Slumping down in front of the TV set won't necessarily relax your mind. The day's problems and worries may still be rushing through your mind. To relax properly you need to learn to daydream. You have to allow your imagination to dominate your thinking and to take over your body. Find somewhere comfortable. Lock the door, lie down and make yourself comfortable. Take big, deep breaths and try to conjure up some particularly restful scene from your past. Imagine that you are on a beach, for example. Try to feel the warm sand on your back and the warm sun on your face. Hear the waves crashing on the shore in the distance. And listen to the seagulls high overhead. Gradually your body will respond to reality but to imagined reality. And your mind and body will truly relax. Once you have learned how to `daydream' properly you'll be able to use this trick wherever you are - even on a busy train or in a crowded store.

7. Sort out your priorities
If you fail to differentiate between the big problems and the little ones, and you fail to establish priorities in your life, you will suffer in a number of ways. First, the number of problems you are exposed to will prove damaging simply because there are so many of them. If you allow yourself to worry about the scratch on your car then your mind will simply add this anxiety to other, more essential worries. Unless you make a conscious decision to separate minor problems from major problems your mind will treat them all in the same way. Second, while you are worrying about minor threats you will fail to solve major problems. Getting your priorities sorted out isn't all that difficult. You must decide exactly what is important to you. Try to see things in perspective. Don't be fooled into wasting time on things that are really not important to you. Make a list of the things in your life that are causing you stress. And decide which are really worth worrying about.

8. Add love to your life
Researchers all around the world have produced evidence to show that people of all ages can benefit from sharing a warm, caring relationship. Insurance companies in America have found that if a wife kisses her husband goodbye when he goes off to work every morning he will be less likely to have a car accident on the way to the office or the factory. He will, on average, live five years longer than if she doesn't give him a morning kiss.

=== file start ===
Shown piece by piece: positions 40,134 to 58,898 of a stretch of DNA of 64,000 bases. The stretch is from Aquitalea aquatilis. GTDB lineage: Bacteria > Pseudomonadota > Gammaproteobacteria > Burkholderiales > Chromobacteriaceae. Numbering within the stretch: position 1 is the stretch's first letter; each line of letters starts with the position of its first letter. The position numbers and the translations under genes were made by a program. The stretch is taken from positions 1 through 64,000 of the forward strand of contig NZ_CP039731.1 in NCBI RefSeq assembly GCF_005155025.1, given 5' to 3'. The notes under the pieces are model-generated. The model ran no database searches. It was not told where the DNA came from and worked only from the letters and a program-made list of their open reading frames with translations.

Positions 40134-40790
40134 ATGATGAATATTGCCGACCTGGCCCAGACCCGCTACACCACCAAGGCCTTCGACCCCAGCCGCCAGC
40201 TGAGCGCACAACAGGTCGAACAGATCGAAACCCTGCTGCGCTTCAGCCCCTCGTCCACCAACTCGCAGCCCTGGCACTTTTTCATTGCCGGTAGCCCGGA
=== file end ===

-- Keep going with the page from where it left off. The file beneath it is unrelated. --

Try not to hide your feelings for those who are close to you. Don't be afraid to tell someone if you love them. Don't be shy about offering a kiss or a cuddle. And remember that it is important that you do not shy away when someone who is close to you approaches with a kiss, a hug or some other sign of physical affection. Don't be shy about touching people - or allowing people to touch you. And try to get rid of old-fashioned prejudices about showing affection in public.

9. Use your intuitive powers
If you tend to spend ages making relatively minor decisions - and find yourself getting into quite a state trying to decide what to wear, what to eat and so on - then give yourself a ten second limit for making your decision. You'll find this a remarkably liberating thought-exercise. Simply make up your mind to follow whatever thought first sprang into your mind. The chances are that your first, instinctive solution was probably the best one. And with fairly minor decisions like these you haven't got much to lose anyway. But you have got a lot to gain in terms of piece of mind.

10. Let your emotions go
If you are the sort of individual who bottles things up inside you then you must learn to let yourself go. If you feel sad and want to cry then cry. Researchers have shown that tears shed for emotional reasons contain different constituents to tears shed because of winds or specks of dust. Crying provides a useful physical release which can help prevent depression developing. Next time you feel really upset then let yourself go. Crying is nothing to be ashamed of. Similarly you should learn to let your anger out too. Anger is often physically, mentally, socially and economically damaging. Stored anger can produce high blood pressure and all the other symptoms of stress induced disease. Anger is often a perfectly natural and healthy response to stressful circumstances. If you feel angry then let your anger out. Complain. Tell people that you are upset.

Vernon Coleman's book How To Relax And Overcome Stress is available from bookshops and libraries everywhere. It is also available from the shop on this Web site.

Copyright Vernon Coleman 2005